Wednesday, December 9, 2015

House Arrest by K.A. Holt

House Arrest

Amy's Review of House Arrest By K. A. Holt 

Have you ever seen a troubled teen and wondered "What is that kid's problem?" K. A. Holt takes you into the world of the troubled teen in House Arrest. At the beginning of the book the reader is introduced to Timmy's journal. While reading the journal you discover that Timmy is on house arrest and has to use the journal to reflect on his behavior. At the beginning of the book, I did not like Timmy. I viewed this character as a troubled teen who deserved everything he got. As I got further into the story my views changed as I realized Timmy was struggling. Timmy as a character not only deals with everyday life as a teen but also  issues of abandonment, life threatening illness, and poverty. Timmy transforms from a teen who doesn't really care to a person with a passion to help others.  As a school librarian who works in a high poverty district this book encouraged me to reflect on my practice as a teacher. Timmy's story made me wonder about the struggles that my students face at home everyday and how I can help them more. Overall, I really enjoyed House Arrest and the format of the story made for easy reading. I was slightly disappointed by the ending because I felt like there could be more to the story. I hope this means that K.A. Holt will be writing a sequel to House Arrest. I recommend this book to anyone who has encountered an annoying teen or works with kids. I also recommend this book to students who are struggling with any of the issues covered in the book. I give House Arrest 5 out of 5 stars.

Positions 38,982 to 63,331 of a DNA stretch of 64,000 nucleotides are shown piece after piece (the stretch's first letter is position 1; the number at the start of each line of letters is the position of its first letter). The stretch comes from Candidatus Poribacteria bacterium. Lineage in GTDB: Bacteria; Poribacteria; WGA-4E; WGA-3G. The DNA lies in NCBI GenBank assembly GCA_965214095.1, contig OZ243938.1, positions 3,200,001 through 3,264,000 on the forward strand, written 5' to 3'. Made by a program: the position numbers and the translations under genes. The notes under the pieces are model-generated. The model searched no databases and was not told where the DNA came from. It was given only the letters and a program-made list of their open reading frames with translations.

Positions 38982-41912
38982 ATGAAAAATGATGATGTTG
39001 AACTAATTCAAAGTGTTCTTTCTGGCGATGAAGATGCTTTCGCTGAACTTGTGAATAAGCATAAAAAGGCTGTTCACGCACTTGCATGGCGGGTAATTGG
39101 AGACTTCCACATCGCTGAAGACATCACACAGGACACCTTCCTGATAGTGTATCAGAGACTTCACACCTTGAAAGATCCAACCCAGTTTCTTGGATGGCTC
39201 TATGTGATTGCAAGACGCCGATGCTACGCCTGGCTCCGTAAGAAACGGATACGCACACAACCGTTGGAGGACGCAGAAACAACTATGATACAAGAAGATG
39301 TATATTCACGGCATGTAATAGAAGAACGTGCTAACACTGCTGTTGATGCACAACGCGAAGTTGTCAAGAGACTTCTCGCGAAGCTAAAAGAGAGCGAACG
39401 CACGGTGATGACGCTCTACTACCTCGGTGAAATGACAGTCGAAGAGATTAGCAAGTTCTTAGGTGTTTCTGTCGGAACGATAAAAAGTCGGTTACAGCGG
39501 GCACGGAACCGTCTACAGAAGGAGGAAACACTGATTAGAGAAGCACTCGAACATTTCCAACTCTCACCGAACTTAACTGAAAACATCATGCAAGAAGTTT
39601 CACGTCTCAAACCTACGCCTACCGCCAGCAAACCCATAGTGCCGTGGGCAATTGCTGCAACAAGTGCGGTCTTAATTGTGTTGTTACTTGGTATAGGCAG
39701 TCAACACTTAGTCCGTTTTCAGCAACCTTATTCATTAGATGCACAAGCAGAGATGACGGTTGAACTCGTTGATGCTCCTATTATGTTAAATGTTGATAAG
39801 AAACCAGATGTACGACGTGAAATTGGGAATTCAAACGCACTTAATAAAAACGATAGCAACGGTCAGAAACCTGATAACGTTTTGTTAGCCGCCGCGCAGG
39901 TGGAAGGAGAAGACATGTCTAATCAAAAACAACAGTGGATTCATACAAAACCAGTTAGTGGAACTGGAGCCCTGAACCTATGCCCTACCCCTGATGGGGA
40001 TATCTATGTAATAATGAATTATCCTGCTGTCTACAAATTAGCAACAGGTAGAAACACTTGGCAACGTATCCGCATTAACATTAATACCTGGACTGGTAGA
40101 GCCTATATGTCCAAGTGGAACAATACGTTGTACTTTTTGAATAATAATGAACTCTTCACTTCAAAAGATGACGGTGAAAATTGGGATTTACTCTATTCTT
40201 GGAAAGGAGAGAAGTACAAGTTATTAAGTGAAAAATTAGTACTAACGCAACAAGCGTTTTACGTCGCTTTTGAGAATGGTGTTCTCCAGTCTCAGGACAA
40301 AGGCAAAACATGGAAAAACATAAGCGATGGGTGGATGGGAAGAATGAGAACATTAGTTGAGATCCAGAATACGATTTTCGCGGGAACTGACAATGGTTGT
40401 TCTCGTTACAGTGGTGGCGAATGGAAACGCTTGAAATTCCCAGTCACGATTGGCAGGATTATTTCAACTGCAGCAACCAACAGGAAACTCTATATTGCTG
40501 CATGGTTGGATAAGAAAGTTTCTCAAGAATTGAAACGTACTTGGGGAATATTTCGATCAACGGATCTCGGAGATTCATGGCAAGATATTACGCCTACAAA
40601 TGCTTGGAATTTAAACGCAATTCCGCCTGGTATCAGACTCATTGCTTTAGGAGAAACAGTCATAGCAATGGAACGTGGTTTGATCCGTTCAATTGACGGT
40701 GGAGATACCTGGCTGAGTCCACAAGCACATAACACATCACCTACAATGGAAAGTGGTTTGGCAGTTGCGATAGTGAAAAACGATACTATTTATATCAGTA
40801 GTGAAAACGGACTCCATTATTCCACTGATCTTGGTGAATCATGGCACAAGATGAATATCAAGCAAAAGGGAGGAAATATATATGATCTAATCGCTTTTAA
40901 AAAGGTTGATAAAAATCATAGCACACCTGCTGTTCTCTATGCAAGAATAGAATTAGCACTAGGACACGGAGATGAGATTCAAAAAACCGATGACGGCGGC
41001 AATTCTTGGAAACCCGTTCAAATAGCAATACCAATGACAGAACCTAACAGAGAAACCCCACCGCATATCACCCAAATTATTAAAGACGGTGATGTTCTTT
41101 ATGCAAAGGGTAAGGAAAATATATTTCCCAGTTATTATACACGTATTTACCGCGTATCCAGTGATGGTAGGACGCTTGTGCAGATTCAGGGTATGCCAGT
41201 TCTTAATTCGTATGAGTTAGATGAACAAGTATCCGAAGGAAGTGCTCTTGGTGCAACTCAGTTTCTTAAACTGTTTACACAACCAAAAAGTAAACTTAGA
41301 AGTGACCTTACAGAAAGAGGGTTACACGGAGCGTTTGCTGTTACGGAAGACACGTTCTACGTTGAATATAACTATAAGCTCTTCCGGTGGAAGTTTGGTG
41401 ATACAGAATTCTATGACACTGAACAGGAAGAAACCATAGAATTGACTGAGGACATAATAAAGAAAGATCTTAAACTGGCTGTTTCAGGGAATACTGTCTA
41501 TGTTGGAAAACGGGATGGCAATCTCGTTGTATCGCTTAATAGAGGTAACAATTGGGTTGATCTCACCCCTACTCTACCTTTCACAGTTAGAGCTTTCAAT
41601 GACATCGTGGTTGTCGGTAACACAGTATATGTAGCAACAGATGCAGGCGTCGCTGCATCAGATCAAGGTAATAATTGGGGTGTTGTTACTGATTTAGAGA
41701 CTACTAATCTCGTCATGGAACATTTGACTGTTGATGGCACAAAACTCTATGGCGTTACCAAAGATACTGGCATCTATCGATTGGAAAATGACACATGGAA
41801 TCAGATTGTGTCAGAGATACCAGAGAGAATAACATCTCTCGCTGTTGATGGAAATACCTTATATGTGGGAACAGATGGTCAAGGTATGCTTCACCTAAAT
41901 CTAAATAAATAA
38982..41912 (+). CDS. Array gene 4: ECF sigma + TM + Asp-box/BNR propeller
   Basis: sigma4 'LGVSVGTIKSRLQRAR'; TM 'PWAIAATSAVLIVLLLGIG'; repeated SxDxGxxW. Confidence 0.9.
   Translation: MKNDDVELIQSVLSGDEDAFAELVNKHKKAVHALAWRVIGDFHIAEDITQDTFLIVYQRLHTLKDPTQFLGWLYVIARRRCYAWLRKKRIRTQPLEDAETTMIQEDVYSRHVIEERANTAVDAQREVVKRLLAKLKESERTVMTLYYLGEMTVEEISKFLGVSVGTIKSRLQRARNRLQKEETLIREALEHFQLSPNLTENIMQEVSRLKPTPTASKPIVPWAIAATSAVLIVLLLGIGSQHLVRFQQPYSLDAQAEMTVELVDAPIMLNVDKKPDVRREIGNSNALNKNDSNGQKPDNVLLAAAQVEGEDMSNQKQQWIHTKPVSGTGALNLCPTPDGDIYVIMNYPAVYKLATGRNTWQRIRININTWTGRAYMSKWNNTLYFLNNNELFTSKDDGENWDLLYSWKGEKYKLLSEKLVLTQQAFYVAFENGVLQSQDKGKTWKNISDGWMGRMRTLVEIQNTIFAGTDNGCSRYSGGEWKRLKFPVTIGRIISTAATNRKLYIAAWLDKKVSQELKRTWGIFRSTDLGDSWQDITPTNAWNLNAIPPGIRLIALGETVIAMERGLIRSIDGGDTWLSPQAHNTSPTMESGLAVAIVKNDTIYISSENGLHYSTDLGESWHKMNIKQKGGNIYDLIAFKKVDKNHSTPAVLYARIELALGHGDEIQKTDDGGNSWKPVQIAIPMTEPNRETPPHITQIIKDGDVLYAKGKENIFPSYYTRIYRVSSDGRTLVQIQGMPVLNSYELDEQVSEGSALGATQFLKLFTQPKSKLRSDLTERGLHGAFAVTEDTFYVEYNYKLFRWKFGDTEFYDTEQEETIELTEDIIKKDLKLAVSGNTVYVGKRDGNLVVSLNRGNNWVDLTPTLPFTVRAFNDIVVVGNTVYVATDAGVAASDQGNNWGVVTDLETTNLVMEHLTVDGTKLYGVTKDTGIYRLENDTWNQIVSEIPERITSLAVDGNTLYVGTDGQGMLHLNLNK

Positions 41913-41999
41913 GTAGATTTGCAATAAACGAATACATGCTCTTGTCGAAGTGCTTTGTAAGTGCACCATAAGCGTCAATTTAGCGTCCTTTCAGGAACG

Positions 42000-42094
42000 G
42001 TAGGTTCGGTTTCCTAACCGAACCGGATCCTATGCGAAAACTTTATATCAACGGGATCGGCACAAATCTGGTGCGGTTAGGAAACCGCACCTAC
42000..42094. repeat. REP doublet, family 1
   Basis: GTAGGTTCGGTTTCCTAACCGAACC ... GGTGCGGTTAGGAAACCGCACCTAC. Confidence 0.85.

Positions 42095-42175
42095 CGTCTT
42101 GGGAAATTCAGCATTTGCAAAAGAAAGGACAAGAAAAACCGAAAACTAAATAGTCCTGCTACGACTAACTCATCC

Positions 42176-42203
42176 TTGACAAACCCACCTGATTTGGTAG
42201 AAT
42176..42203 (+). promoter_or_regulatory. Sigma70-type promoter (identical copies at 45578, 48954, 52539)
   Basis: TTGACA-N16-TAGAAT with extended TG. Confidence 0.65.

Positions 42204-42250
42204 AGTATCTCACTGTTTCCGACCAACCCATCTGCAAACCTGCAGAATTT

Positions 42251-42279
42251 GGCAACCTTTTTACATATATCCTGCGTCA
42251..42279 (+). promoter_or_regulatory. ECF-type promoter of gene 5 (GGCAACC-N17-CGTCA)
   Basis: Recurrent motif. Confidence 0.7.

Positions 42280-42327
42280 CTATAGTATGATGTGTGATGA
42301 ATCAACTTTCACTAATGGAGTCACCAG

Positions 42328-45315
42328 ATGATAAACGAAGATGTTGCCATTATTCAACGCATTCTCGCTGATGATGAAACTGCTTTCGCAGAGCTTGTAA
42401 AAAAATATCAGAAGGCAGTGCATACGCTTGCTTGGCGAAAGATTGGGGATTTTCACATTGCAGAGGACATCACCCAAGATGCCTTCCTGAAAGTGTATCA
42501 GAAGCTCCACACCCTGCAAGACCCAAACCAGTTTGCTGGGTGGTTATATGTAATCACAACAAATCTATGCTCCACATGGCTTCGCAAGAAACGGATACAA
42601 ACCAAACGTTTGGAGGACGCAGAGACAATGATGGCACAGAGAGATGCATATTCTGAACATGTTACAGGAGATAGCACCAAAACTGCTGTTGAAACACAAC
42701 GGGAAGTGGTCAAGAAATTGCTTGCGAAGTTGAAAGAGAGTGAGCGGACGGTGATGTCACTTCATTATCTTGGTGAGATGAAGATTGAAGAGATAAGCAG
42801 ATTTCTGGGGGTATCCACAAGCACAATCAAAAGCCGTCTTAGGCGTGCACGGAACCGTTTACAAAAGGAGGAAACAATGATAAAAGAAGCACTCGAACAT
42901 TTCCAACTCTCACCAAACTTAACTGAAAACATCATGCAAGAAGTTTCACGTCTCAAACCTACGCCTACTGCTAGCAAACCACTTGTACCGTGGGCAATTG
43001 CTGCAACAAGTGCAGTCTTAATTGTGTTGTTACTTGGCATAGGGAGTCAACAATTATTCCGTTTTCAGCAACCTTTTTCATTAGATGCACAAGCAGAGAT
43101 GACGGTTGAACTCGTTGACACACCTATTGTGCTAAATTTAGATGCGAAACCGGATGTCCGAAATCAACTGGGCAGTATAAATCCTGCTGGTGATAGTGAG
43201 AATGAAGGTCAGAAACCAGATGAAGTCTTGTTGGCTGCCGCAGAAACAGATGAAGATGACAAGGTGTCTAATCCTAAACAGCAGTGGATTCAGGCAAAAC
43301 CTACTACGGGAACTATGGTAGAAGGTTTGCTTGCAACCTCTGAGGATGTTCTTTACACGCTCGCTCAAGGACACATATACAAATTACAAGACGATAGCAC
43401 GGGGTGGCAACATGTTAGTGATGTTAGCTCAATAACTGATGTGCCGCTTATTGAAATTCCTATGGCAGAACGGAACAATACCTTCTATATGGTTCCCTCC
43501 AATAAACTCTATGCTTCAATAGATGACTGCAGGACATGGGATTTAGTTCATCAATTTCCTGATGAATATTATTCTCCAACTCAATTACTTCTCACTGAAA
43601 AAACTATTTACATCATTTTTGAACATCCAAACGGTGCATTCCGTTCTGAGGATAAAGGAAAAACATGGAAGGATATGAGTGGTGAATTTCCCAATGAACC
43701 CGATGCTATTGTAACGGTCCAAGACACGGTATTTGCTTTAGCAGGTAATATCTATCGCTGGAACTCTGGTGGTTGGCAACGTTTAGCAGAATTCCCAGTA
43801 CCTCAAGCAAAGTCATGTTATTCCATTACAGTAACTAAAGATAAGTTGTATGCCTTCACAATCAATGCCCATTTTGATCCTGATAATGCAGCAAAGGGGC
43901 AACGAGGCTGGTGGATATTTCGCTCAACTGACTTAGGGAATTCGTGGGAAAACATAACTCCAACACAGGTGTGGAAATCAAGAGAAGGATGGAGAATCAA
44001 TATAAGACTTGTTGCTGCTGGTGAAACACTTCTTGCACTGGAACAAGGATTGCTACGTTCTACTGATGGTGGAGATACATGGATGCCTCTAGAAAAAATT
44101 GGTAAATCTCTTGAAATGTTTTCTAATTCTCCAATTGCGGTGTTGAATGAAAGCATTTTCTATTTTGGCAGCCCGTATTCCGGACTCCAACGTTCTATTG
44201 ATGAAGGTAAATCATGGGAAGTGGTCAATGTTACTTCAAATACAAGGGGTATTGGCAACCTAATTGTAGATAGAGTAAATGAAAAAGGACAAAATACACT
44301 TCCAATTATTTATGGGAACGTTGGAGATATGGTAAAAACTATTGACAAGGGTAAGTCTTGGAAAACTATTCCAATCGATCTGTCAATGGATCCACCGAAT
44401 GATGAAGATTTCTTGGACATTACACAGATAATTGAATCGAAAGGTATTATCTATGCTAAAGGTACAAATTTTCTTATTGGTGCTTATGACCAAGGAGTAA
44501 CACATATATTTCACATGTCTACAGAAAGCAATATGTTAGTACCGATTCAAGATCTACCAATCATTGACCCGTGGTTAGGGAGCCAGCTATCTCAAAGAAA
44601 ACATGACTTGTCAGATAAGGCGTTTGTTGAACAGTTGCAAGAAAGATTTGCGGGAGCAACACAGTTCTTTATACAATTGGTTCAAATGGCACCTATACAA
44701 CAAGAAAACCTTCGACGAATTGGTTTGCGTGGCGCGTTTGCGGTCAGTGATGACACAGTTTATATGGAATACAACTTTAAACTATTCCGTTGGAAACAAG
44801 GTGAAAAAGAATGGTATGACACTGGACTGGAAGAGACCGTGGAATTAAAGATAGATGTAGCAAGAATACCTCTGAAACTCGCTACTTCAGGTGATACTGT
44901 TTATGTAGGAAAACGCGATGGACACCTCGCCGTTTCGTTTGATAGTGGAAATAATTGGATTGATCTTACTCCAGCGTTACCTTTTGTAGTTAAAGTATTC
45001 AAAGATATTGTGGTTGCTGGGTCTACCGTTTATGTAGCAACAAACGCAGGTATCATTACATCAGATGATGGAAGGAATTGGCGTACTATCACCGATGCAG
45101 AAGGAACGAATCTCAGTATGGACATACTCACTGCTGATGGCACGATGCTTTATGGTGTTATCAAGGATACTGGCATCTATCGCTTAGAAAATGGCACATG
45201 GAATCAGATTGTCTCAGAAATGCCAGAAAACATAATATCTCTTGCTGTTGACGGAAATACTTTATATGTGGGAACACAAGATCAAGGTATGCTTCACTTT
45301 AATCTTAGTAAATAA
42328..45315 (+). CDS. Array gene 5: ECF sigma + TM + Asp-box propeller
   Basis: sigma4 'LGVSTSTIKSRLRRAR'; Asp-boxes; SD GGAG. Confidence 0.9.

Sara's Review

Like Amy, this book made me reflect on how my students' home lives may impact their education and how we may never know what they are dealing with, even if they appear to be from a two-parent, middle-class home. It is really important to show empathy and compassion, even when a child is being disruptive and difficult. I felt that compassion for Timmy from the start of the book; I understood his anger and his motivation for stealing, even though he made a bad choice. It isn't like he went out an bought himself the latest, greatest video game system with a stolen credit card. I was also frustrated with the ending, and hope it means there will be a sequel, but it could also mean that sometimes, we make decisions and we have to suffer the consequences of those decisions, regardless of how pure our intentions are. While reading this, I discovered just how much I love the format of verse novels. If you do too, I also recommend these 2015 novels:

Red ButterflyListen, Slowly

I've reserved K.A. Holt's 2014 verse novel, Rhyme Schemer from my public library and can't wait to read it. I give House Arrest 5 out of 5 stars.

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